Mothers-to-be, take note! An infant faces risks when born to women with influenza, finds a recent study.
The findings have been published in the journal Birth Defects Research.
The study included 490 pregnant women with influenza, 1451 women without influenza with pregnancies in the same year, and 1446 pregnant women without influenza with prior year pregnancies.
Women with 2009 H1N1 influenza admitted to an intensive care unit were more likely to deliver preterm infants, low birth weight infants, and infants with low Apgar scores (a method to quickly summarise the health of newborn children against infant mortality) than women in the other groups.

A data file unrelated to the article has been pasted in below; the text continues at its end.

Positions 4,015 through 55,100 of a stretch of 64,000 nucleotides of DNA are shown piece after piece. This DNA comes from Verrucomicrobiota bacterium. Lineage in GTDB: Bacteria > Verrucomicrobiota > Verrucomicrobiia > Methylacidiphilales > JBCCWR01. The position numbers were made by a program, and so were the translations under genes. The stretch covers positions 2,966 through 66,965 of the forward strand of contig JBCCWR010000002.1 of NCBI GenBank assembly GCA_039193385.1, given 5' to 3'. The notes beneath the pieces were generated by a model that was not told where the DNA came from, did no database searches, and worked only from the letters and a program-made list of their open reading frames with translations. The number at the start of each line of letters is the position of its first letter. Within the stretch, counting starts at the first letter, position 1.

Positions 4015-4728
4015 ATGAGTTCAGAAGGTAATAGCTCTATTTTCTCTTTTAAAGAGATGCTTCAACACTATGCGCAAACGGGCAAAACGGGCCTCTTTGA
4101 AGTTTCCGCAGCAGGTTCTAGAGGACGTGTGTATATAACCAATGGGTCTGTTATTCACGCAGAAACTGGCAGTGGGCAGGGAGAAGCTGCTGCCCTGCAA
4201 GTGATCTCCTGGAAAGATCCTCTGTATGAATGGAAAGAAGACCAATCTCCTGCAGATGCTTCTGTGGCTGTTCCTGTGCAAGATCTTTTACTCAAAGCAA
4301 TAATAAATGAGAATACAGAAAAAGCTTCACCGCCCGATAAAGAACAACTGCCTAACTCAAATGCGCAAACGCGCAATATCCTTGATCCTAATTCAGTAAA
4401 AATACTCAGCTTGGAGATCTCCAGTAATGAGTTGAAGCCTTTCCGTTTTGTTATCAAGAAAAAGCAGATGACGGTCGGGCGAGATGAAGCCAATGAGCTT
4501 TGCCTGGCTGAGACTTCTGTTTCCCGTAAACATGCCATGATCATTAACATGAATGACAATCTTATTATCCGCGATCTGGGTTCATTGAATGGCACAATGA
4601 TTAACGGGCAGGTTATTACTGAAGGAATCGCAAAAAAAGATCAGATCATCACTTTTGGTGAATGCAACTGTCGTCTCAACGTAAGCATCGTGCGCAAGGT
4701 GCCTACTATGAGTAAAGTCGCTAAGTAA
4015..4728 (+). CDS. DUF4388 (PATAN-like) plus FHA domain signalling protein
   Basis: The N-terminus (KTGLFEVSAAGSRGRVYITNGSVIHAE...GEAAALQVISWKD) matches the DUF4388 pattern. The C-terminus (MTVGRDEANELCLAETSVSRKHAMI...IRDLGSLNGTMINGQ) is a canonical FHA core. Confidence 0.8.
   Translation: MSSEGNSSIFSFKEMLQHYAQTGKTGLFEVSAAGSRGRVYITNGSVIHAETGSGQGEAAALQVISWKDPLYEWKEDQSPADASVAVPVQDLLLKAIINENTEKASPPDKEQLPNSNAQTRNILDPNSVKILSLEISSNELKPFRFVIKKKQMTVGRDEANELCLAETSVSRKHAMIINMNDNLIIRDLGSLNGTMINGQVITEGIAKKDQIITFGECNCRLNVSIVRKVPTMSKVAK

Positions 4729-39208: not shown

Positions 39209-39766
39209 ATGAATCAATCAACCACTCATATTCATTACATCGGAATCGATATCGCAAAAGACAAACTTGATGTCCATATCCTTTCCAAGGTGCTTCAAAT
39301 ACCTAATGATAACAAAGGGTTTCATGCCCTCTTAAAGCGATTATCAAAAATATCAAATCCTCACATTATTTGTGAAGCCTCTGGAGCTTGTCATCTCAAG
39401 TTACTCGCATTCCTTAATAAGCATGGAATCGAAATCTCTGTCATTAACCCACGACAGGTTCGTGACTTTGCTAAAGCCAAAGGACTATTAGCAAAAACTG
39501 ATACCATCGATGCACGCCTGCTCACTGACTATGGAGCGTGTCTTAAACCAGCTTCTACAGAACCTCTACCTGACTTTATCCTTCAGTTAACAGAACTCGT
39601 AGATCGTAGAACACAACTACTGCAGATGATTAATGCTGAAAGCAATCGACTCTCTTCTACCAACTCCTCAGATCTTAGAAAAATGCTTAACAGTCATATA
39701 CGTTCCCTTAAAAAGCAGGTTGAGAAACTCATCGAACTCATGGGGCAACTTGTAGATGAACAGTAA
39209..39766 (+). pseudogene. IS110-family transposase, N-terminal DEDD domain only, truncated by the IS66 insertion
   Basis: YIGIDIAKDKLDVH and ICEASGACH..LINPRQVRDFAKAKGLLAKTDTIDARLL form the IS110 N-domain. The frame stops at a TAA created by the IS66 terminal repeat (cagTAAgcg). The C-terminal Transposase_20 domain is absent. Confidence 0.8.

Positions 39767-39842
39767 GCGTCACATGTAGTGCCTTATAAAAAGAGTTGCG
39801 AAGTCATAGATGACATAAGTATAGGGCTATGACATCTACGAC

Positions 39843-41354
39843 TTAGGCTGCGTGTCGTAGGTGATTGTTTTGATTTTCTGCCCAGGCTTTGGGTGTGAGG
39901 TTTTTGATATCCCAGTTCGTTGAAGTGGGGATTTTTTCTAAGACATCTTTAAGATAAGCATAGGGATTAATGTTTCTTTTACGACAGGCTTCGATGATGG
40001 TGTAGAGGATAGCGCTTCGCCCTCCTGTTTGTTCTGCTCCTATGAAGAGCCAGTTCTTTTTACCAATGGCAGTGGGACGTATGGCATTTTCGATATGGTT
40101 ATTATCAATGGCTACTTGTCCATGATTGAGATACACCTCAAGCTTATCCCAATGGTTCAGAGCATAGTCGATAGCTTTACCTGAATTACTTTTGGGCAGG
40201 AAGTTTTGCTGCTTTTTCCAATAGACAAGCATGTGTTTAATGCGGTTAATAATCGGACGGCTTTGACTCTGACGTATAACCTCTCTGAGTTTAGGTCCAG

Women with influenza who were not hospitalised, as well as hospitalised women not admitted to the intensive care unit, did not have significantly elevated risks for adverse infant outcomes.
“The message of this work is particularly timely in the midst of the current influenza season. Our study found that severely ill women with 2009 H1N1 influenza during pregnancy were more likely to have adverse birth outcomes–such as their baby being born preterm or of low birth weight–than women without influenza,” said senior author Dr. Sonja Rasmussen, of the University of Florida.
“These findings support the importance of pregnant women receiving the influenza vaccine and of prompt treatment with antiviral medications for pregnant women suspected of having influenza,” concluded Rasmussen.